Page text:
Not fully relevant conclusions
In my experience over years with inkjet printers and all-in-ones with various clients - there are other factors which are relevant when buying and using them. For example you might be rating the Epson relatively high because it is fast - but I found inkjet Epson printers in general to be rather weaker machines then Brother and HP. They seem to develop mechanical faults easier - and their print heads just don't last very well. Also, many of the current generation all-in-one Epson's are really clunky and noisy - they just feel really cheaply built inside. Another gripe I have against Epson printers is their cartridge chipping system - which seem to go wrong so many times. Compatible or original cartridges not being recognised correctly or at all, printers of the same model, but with several different generation of cartridge chipsets - so if your printer was manufactured before a certain month, only some chipped cartridges work - while after a certain month - other generation of chips work. And we are talking about the same model here.
On the other hand - the HP might look good when comparing the price of original cartridges - and they are indeed on average sturdier printers then other inkjets. But the fact that the cartridge includes the printhead on their consumer grade inkjets - which makes it impossible to replicate by other companies - is an important factor. It means you will always be limited to original cartridges, or refills - and refills can be problematic - as the printing head can dry out, or the person who used the cartridge before you might have refilled it already several times and the printing head on the cartridge is worn out etc.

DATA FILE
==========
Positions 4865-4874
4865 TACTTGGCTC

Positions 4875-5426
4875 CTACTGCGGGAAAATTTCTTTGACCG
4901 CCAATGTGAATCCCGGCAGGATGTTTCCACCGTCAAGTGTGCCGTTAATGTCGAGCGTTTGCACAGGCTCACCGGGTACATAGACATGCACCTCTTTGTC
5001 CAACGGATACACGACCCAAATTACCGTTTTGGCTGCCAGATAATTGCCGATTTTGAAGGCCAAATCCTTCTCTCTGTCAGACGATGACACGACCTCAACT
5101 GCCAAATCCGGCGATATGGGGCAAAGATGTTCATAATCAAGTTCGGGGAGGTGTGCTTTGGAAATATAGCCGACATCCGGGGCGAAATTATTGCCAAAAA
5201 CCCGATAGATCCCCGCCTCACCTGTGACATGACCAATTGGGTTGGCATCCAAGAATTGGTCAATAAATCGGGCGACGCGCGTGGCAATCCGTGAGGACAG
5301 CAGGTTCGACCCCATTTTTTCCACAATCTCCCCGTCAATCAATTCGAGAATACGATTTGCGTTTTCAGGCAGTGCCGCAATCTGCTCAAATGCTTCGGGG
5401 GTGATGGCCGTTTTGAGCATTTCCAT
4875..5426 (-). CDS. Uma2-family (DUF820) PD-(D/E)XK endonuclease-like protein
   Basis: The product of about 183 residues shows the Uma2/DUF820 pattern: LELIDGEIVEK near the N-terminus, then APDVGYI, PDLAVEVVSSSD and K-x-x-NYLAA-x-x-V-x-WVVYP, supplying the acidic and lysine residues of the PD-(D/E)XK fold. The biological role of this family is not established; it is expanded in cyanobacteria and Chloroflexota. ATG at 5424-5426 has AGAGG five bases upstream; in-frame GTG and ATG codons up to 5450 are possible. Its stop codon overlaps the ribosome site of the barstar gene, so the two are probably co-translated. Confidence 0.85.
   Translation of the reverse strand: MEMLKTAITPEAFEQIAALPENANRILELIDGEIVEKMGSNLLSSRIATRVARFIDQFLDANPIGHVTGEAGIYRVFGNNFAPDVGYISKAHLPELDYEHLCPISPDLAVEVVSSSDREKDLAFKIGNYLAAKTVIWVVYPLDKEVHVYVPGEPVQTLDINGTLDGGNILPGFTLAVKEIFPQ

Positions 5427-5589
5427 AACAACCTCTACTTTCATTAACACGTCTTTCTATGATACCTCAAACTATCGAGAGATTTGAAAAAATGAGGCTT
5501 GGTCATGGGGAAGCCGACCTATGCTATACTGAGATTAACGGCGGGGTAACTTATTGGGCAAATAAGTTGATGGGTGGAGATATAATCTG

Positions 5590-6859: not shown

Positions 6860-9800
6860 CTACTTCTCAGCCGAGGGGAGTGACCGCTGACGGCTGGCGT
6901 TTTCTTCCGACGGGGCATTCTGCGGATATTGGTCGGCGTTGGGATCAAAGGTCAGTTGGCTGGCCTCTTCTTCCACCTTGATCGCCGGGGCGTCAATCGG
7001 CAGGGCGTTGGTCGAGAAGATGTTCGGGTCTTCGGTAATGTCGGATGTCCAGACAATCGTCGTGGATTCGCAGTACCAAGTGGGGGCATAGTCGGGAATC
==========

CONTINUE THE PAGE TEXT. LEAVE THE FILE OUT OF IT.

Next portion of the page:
All-in-all - I found Brother inkjet printers/all-in-ones the best compromise. They seem to be stronger and last better then both Canon and Epson printers. I have used them at clients for years with compatible (brand new) cartridges without any visible side effects. Their Windows software and driver support is perfectly good. Not so good if you want to use them with Linux. I haven't managed to get any of them working with Linux yet - but there is supposed to be some support. All the current ones that I know of can scan over network - which is nice. And if you buy one of the ones which take cartridges from the LC900 (mostly discontinued), LC1000 or LC1100 series, you can easily find cheap brand new, non-original replacements for very little. The supplier I currently use (available on the internet) charges £2.99 for a full, 4 cartridge set. It will make a huge difference in running costs, specially when printing photos. And yes, you might say that my printer is going to last 3.75 years instead of 4, because I've used non-original ink - but by then, I would have saved enough money on ink to buy another 4 printers - so who's winning and who's loosing here?
And a note on the above comment(s) about HP printing and scanning software. I agree. It seems like the HP department in charge of printer/scanner software is hell bent on destroying the one which actually makes the printers. The printers are quite decent, strong, fairly well performing. On the other hand, the software is bloated, buggy, and worse of all - the updates keep on breaking working installations. So many times I had calls from clients with HP printers or scanners which either have stopped working - or entire functions have disappeared from their software. Just to discover that HP Update has done the deed. I always uninstall HP Update as soon as I install an HP printer or scanner. Then you will be ok.
There you go - that should round up nicely that review.